Pros and cons Kernel functions (x), is a mapping of the data into another space. the general kernel function applies some transformation to the feature vectors xi and xj and combines them using the dot product, which takes two vectors and returns a single number. Using this form, kernel functions have been developed for many

different domains of data most commonly used kernel functions The linear kernel does not transform the data at all. it can be expressed simply as the dot product of the features: The polynomial kernel of degree d adds a simple nonlinear transformation of the data: The sigmoid kernel results in a SVM model somewhat analogous to a

neural network using a sigmoid activation function. The Gaussian RBF kernel The Gaussian RBF kernel is similar to a RBF neural network. There is no reliable rule to match a kernel to a particular learning task. The fit depends heavily on the concept to be learned as well as the amount of training data and the relationships among the features. Often, a bit of trial and error is required by training and evaluating several SVMs on a validation dataset.

in many cases, the choice of kernel is arbitrary, as the performance may vary slightly. Example performing OCR with SVMs Image processing is a difficult task for many types of machine learning algorithms. SVMs are well-suited to tackle the challenges of image data. Capable of learning complex patterns without being overly sensitive to noise able to recognize visual patterns with a high degree of accuracy.

the key weakness of SVMsthe black box model representationis less critical for image processing. Optical Character Recognition (OCR) The purpose of OCR software is to process paper-based documents by converting printed or handwritten text into an electronic form to be saved in a database. this is a difficult problem due to the many variants in handwritten style and printed fonts.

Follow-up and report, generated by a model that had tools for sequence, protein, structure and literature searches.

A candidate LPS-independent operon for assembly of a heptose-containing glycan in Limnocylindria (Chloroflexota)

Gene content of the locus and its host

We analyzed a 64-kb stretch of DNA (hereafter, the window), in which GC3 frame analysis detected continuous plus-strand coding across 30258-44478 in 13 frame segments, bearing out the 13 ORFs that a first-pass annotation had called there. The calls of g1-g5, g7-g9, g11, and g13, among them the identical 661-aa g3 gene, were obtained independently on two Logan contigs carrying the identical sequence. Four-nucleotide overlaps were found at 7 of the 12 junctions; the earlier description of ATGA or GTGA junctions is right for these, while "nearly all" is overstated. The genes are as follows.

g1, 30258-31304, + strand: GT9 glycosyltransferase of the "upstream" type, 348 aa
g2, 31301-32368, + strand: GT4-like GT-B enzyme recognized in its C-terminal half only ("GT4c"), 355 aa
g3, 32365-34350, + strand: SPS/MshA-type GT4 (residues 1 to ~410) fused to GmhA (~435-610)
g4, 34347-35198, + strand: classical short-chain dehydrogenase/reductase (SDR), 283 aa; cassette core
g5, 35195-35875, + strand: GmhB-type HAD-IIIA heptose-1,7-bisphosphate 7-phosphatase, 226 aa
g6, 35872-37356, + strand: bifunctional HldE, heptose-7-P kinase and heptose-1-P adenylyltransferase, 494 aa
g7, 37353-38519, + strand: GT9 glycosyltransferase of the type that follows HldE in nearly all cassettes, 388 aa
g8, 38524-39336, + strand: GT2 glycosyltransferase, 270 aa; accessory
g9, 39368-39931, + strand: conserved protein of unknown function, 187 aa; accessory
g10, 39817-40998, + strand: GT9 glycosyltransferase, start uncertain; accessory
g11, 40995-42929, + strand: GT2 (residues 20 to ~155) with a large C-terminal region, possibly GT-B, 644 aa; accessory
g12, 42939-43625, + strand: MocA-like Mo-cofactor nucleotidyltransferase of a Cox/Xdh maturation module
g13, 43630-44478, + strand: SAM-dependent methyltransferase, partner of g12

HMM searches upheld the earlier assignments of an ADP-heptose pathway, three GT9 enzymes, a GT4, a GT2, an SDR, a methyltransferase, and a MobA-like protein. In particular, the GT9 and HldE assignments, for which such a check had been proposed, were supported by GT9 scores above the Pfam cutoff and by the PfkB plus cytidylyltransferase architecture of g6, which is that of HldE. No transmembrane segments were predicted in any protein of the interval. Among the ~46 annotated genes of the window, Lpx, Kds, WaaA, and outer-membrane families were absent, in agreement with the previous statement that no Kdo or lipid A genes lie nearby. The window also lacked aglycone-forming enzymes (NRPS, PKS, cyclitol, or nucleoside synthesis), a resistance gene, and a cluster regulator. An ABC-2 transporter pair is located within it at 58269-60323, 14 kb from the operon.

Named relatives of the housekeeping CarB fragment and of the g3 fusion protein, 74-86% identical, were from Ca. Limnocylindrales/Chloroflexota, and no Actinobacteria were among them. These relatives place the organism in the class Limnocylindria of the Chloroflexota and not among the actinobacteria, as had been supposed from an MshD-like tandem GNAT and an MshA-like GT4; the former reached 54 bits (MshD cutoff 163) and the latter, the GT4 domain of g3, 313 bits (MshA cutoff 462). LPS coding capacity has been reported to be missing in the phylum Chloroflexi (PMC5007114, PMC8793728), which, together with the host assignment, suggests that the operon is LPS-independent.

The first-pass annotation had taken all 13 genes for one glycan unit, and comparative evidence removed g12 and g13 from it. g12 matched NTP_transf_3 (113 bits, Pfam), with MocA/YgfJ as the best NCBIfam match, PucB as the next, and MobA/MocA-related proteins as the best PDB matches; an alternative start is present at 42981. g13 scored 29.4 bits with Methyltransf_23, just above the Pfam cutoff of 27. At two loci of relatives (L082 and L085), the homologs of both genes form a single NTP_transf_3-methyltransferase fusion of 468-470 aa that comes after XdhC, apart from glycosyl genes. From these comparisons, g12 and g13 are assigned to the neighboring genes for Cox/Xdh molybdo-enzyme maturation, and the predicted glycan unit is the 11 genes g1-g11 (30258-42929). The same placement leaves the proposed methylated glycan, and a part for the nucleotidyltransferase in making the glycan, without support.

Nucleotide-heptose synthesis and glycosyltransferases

Step 1 collecting data OCR software divides the paper into a matrix such that each cell in the grid contains a single glyph, which is just a term referring to a letter, symbol, or number. Next, for each cell, the software will attempt to match the glyph to a set of all characters it recognizes. Finally, the individual characters would be combined back together into words, which optionally could be spell-checked against a dictionary in the document's language. Assumptions & Dataset Assumptions:

we have already developed the algorithm to partition the document into rectangular regions each consisting of a single character. the document contains only alphabetic characters in English. Dataset: dataset donated to the UCI Machine Learning Data Repository (http://archive.ics.uci.edu/ml) by W. Frey and D. J. Slate. The dataset contains 20,000 examples of 26 English alphabet capital letters as printed using 20 different randomly reshaped and distorted black and white fonts.

examples of the printed glyphs Step 2 exploring and preparing the data 16 statistical attributes The attributes: the horizontal and vertical dimensions of the glyph the proportion of black (versus white) pixels The average horizontal and vertical position of the pixels.